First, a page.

More than 54 U.S. cities own citywide fiber networks and another 79 own citywide cable networks, according to a new report from the New Rules Project, a program of the Institute for Local Self-Reliance. The ILSR also has made an interactive map available on-line that shows the location of each of these community owned broadband networks and enables users to click on a project to see project highlights.

The new report, titled “Publicly Owned Broadband Networks – Averting the Looming Broadband Monopoly,” makes a case for community ownership of broadband networks, arguing that cable and telephone companies have little incentive to upgrade infrastructure in certain markets.

“Even as we grow ever more dependent on the Internet for an expanding part of our lives, our choices for gaining access at a reasonable price, for both consumers and producers, are dwindling,” the report author argues in the report’s Executive Summary. “Tragically the Federal Communications Commission has all but abdicated its role in protecting open and competitive access to the Internet.”

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Not all Telecompetitor readers will agree with those statements. But one of the more compelling aspects of the report is a series of mini case studies highlighting successful community networks, including:

  • Kutztown Hometown Utilicomn (Kutztown, Penn.) saved residents more than $1.5 million in telecom expenses for the city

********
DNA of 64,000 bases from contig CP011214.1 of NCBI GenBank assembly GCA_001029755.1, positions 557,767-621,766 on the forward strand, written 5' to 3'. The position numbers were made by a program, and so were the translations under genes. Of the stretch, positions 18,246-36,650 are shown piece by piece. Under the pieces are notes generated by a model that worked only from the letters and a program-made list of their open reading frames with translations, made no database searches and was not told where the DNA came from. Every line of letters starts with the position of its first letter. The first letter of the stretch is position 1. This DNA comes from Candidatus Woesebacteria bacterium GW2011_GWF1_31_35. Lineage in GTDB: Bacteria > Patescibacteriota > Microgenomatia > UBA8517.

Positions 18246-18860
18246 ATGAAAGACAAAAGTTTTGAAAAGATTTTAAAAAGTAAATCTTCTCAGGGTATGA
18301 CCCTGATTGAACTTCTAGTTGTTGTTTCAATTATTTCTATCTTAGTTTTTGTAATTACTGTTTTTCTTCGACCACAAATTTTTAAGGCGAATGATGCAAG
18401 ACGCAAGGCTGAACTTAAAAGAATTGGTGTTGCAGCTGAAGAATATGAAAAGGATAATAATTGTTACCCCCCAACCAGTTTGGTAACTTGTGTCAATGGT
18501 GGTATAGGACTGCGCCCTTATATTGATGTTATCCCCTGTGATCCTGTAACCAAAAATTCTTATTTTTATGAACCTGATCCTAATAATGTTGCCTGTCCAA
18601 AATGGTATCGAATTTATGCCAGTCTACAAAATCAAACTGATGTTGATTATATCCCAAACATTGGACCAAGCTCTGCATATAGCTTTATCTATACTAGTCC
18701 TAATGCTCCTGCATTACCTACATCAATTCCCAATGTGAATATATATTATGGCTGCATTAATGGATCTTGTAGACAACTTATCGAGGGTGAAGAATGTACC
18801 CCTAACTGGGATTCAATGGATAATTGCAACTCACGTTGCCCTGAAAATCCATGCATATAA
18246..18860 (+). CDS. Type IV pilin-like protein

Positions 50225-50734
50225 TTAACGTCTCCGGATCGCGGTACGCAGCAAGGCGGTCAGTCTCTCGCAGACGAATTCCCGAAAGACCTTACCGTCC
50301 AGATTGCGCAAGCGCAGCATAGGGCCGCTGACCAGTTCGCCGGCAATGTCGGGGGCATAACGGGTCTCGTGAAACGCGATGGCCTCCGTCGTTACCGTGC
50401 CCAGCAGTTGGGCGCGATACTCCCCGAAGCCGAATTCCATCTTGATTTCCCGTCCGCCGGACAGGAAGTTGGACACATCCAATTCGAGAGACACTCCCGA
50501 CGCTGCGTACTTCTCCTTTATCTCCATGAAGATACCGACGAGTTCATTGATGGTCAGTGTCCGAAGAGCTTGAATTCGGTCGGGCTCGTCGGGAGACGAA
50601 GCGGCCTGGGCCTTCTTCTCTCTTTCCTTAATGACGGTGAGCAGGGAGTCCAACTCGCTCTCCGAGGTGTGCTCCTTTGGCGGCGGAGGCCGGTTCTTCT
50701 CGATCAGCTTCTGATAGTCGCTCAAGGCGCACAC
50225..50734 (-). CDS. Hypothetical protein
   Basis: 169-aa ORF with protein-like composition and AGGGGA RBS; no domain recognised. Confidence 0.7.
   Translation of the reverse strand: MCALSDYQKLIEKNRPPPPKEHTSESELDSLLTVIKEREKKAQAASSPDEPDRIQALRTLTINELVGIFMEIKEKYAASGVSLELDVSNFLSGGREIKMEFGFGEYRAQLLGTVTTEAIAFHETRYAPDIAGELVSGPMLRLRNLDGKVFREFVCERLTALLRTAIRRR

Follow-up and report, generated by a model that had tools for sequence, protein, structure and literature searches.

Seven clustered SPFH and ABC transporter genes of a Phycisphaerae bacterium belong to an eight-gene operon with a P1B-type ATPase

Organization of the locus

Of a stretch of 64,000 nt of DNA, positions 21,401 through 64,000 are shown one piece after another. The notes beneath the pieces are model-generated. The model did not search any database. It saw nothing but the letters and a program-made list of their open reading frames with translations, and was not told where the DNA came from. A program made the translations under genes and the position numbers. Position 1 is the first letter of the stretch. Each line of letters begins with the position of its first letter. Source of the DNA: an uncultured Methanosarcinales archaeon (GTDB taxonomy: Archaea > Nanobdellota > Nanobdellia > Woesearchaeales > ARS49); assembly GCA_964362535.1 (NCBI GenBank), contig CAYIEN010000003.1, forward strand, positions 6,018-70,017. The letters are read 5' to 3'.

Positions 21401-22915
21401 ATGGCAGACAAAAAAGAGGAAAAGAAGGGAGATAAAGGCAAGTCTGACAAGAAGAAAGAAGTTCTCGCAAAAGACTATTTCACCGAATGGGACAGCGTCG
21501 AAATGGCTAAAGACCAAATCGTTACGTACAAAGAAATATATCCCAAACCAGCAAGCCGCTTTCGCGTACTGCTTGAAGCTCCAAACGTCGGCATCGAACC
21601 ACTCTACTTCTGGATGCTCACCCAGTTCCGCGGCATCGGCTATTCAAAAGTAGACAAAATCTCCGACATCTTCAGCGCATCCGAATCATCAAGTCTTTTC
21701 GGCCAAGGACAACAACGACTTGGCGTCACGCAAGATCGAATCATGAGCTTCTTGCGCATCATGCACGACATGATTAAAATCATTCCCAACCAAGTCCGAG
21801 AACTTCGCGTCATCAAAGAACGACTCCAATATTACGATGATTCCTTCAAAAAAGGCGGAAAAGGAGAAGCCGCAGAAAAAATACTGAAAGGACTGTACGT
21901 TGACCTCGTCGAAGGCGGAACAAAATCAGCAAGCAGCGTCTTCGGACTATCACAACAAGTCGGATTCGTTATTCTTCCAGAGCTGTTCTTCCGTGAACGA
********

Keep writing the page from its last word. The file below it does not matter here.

• Chattanooga Electric Power Board (Chattanooga, Tenn.), the largest community fiber network, is exceeding its triple play business plan goals and even supporting service up to 1 Gb/s
  • Bristol Essential Services (Bristol, Tenn.) attracted a $20 million newspaper printing plant with modern broadband infrastructure
  • Reedsburg Utilities (Reedsburg, Wisc.) broke even on its community fiber network years ago and now generates net income for reinvestment in the community
  • WindomNet (Windom, Minn.) saved many jobs in the community over the years with its modern broadband infrastructure

A few unsuccessful community network projects have garnered a disproportionate amount of attention,  and it’s important to recognize that some other community projects have had considerably more success.

Join the Conversation

24 thoughts on “Are Community Broadband Networks the Answer for the Underserved?

  1. Isn't it too early to tell. Most of these networks haven't been around that long and are in a honeymoon phase. Check back in ten years – that's when we'll know.